At playtime, a little girl trots toy dinosaurs across a table heaped with plastic animals. Nearby, a 4-year-old boy shows off a picture he drew with lots of red scribbles and dots. There is the usual collection of books, tiny plastic chairs and colorful rugs.

There are also telltale signs that the preschool is run by KIPP, one of the country’s largest college prep charter school networks. The classrooms are all named for colleges, like in KIPP’s higher grades. The preschoolers wear blue polo shirts emblazoned with the school’s logo. A crisp blue banner in the hallway proclaims them the “Class of 2031.”

Across Denver, a growing number of preschoolers are getting their first dose of formal education at charter schools that have retrofitted their models to meet the needs of younger students. The trend is fueled by a growing awareness that getting kids in the door early pays off later academically and by a hunger among parents for affordable, high quality preschool options.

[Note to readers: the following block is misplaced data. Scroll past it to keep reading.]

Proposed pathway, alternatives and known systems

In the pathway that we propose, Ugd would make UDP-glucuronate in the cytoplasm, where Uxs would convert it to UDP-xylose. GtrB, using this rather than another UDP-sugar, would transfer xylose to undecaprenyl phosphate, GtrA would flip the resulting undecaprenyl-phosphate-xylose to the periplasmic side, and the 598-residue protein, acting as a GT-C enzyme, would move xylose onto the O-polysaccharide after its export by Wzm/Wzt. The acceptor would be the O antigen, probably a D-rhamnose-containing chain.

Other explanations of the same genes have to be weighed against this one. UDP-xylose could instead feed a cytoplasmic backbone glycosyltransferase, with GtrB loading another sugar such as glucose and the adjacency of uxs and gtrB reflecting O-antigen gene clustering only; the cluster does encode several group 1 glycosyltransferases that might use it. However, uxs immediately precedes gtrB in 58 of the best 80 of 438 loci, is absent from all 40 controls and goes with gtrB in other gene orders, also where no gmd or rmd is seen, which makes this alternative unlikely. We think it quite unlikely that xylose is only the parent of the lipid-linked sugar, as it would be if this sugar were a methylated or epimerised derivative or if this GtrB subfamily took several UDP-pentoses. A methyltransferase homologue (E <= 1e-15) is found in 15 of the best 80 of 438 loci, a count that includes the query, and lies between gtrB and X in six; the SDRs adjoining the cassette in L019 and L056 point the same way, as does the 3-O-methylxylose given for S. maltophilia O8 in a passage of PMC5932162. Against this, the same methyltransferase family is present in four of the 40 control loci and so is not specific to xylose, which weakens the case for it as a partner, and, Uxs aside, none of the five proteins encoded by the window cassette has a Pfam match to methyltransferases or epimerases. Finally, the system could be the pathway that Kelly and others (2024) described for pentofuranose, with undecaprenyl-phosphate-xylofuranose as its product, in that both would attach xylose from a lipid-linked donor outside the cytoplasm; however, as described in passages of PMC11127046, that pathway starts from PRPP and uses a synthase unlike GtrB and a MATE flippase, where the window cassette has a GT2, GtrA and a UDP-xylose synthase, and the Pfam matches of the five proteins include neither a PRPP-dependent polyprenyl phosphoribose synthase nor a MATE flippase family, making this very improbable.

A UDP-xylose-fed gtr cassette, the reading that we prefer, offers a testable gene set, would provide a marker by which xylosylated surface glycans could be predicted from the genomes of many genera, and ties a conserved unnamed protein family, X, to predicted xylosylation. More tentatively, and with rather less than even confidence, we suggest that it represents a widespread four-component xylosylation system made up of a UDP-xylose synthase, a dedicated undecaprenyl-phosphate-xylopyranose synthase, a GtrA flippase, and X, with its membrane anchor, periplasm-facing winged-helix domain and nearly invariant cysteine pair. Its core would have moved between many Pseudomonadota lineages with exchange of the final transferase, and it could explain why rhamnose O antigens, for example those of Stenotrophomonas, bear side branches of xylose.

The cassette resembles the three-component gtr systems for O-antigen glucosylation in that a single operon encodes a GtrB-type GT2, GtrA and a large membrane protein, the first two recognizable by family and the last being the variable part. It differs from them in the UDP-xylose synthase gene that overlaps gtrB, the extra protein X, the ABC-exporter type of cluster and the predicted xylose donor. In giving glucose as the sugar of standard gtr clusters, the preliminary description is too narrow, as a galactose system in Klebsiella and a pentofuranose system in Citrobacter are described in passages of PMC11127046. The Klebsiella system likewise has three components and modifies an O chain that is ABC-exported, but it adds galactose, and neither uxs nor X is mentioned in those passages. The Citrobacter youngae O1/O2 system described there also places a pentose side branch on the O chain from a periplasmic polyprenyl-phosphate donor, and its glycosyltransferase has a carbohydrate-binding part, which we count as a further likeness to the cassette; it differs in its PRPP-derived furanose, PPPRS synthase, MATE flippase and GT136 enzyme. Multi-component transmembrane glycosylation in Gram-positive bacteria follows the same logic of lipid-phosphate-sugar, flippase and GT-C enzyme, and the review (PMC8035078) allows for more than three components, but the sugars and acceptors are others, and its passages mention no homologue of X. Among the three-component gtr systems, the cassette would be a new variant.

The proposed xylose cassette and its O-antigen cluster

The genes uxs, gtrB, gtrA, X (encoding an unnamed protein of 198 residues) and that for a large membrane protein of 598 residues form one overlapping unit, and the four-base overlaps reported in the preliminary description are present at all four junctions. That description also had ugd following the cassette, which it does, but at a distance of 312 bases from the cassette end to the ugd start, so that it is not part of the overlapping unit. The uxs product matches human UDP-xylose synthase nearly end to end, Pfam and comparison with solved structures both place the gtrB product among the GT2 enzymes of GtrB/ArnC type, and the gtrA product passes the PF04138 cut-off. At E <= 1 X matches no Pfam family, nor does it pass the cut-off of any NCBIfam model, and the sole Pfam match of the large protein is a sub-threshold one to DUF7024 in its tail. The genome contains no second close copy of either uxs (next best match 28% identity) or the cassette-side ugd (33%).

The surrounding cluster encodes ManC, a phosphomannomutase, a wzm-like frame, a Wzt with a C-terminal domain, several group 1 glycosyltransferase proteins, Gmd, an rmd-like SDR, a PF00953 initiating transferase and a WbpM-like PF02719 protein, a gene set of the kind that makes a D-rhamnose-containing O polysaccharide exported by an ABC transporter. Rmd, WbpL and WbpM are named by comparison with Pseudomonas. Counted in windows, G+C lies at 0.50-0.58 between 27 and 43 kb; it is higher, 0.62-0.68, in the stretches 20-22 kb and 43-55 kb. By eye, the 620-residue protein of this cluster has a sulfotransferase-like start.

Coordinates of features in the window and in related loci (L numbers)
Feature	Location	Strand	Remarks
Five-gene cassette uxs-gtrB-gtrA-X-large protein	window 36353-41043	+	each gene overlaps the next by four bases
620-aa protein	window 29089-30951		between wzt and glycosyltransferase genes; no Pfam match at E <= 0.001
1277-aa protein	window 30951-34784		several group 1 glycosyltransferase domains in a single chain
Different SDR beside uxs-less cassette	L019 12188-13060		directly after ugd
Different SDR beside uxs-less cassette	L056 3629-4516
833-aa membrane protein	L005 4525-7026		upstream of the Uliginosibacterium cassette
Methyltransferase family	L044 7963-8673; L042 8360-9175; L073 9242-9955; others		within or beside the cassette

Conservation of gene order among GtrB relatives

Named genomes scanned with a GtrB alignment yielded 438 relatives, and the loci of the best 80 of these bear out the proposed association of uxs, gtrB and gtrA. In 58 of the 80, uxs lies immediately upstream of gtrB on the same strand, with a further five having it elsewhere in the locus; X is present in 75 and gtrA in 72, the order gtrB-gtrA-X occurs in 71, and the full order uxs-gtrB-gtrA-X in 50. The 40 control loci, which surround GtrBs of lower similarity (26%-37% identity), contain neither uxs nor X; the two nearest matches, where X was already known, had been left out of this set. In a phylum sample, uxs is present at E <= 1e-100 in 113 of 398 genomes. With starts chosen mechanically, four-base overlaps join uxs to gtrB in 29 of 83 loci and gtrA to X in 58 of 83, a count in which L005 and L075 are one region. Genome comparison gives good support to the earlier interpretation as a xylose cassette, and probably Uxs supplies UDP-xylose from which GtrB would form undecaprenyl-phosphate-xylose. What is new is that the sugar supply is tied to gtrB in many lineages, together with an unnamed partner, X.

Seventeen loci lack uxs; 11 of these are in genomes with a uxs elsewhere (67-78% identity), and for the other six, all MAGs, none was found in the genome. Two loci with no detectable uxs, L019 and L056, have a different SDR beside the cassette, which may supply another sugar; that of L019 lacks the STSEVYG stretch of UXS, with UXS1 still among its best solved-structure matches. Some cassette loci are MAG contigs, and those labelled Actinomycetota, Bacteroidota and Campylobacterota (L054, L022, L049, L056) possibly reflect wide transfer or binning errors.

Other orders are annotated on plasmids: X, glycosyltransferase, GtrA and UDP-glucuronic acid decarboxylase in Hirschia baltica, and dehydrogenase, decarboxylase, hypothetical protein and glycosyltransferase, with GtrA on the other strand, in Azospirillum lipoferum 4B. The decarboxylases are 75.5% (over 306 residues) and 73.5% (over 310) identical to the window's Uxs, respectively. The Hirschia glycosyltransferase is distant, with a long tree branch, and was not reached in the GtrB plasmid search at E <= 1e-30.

It also signals charter leaders’ increasing willingness to navigate the complicated — and often unfamiliar — early childhood funding and regulatory landscape.

At least six Denver charter schools, most serving large low-income populations, have launched preschool programs in the last five years. Besides KIPP — which enrolls 48 preschoolers at its Northeastern Elementary School — they include two locations of Rocky Mountain Prep, Highline Academy’s school in Green Valley Ranch, Academy 360 in Montbello and REACH Charter School in central Denver. (A couple charter schools offered preschool even earlier, but have since closed.)

There’s little dispute about the need for more quality preschool programs. Several neighborhoods in Denver, including parts of Montbello and Green Valley Ranch, are considered “child care deserts” because of the dearth of licensed preschool and child care slots, according to a recent report from the Center for American Progress.

A banner outside the preschool classrooms at KIPP Northeastern Elementary School in Denver.